It's effectively impossible to read, watch, or listen to the news this week without the impeachment taking center stage. While this sort of thing may be interesting to network news producers, it's of almost no consequence to financial markets--let alone the housing and mortgage market.
Granted, it would be a different story if there was a reasonable chance of Trump being removed from office. But that would require a 2/3rds vote in the Senate--something that borders on impossible not only for Trump, but for any president in the modern political environment.
Because of that, markets couldn't care much less about the impeachment proceedings when it comes to informing the direction of their next move. At the very least, I can tell you they're not trading any differently based on the risk Trump is removed from office.
There is a bit of a paradoxical effect to consider, however. Some political strategists, pundits, and relatives visiting for the holidays have suggested that a failed attempt to remove the president from office only strengthens his chances of reelection in 2020. To whatever extent traders share that view, that COULD have an impact on the way they're trading. Sorting out the nuances of that impact is a complicated matter, but one might generally expect Treasury issuance to remain elevated and the tax code to remain relatively unchanged. Neither of those things have been great for rates in and of themselves.
But if the tax code and Treasury issuance put upward pressure on rates, why did rates fall for most of 2019?
Great question! First off, much of the impact was felt in 2018 with rates hitting the highest levels since 2011 by the end of the year. 2019 ended up seeing pervasively lower rates for several reasons. One of the biggest reasons was the uncertainty surrounding the US/China trade war. If last week's phase 1 trade deal announcement is an indication of things to come, rates could face additional upward pressure in 2020. To be sure, that risk is weighing heavily on the minds of market participants as they ponder a big picture bounce similar to those seen in 2013 and 2016.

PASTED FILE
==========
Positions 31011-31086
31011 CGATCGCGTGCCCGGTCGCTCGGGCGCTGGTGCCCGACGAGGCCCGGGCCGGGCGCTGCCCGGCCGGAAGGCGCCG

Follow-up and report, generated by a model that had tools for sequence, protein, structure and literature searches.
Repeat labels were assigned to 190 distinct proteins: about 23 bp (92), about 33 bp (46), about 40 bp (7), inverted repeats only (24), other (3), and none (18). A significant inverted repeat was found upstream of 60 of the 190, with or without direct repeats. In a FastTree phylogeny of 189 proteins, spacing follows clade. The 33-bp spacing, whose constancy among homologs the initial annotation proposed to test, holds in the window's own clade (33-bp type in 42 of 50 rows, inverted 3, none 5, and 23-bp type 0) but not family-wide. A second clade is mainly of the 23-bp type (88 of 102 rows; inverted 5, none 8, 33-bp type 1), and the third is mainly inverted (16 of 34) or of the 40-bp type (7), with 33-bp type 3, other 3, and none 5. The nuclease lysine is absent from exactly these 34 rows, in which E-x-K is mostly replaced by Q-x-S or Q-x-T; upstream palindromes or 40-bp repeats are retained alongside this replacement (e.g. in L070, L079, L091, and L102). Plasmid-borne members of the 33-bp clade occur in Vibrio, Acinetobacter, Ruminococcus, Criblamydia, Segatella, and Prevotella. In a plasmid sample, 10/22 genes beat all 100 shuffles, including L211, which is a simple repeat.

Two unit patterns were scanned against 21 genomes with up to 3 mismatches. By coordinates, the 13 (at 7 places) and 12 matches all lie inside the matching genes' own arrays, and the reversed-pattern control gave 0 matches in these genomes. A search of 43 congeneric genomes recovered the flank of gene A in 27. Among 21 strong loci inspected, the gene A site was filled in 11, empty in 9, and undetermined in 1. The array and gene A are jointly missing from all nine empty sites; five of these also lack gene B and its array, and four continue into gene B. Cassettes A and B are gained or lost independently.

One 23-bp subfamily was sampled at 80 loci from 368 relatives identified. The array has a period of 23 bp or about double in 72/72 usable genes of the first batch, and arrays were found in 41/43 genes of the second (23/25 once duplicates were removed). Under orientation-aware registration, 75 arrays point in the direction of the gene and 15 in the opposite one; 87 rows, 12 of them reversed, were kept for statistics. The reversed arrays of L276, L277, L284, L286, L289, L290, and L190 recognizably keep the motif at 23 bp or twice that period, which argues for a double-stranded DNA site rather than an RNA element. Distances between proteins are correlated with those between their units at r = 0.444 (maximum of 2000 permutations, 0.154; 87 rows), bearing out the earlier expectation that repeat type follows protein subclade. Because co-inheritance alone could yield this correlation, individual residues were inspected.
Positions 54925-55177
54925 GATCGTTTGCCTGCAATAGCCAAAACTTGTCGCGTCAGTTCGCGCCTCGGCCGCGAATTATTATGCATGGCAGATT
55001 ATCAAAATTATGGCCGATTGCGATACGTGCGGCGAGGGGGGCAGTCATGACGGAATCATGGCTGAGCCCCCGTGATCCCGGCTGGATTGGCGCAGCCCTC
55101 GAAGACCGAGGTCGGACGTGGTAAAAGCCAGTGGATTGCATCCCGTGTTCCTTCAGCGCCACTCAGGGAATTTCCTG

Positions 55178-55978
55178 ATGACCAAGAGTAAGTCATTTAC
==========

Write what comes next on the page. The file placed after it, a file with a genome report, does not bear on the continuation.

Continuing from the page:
Softening that blow, to some extent, is the fact that deescalation of trade tensions would also help the stock market continue pushing all-time highs.
Homebuilders also have an eye on the trade situation as tariffs can have a small but noticeable impact on certain building materials. The improvement in trade relations with China is only part of the story though. In fact, it's probably the smaller part compared to the recently announced USMCA agreement. Homebuilders have generally praised several improvements over NAFTA, but the biggest benefit is that a part of the code that allows for the import of cheap Canadian lumber remains unchanged. Like anything, there are tradeoffs. The US lumber industry is not a fan, but homebuilders are the happiest they've been in more than 20 years.
In fairness, the promise of relatively cheaper materials isn't solely responsible for this phenomenon. Low interest rates have helped as has the fact that NEW homes are better able to adapt to shifts in affordability trends. That's a fancy way of saying that builders are able to build smaller homes on smaller lots whereas the average "existing home" has a wider footprint on a bigger piece of land. This comparative advantage helps explain why construction numbers continue to improve while Existing Home Sales have leveled off.
But there's an even simpler, even better way to reconcile the variation in trajectory between construction and existing sales. Simply put, construction lost a lot more ground during the mortgage meltdown, so it has more room to run before catching up to the rebound in existing sales.
In other news this week, mortgage rates pushed back up to their highest levels in more than a month, although that's not quite as troubling as it sounds given the exceptionally narrow range over that time. For reference, that range has been about an eighth of a percentage point (0.125%) between the lows and highs going all the way back to mid-October.
Market movement between now and the 2nd week of January will be unpredictable and perhaps illogical as market participation falls off dramatically for the holidays. Even if we do see movement in stocks and bonds, there's no guarantee it will have any bearing on the beginning of 2020. For that, we'll need to see how economic data is shaping up in the new year and how the US/China trade negotiations progress.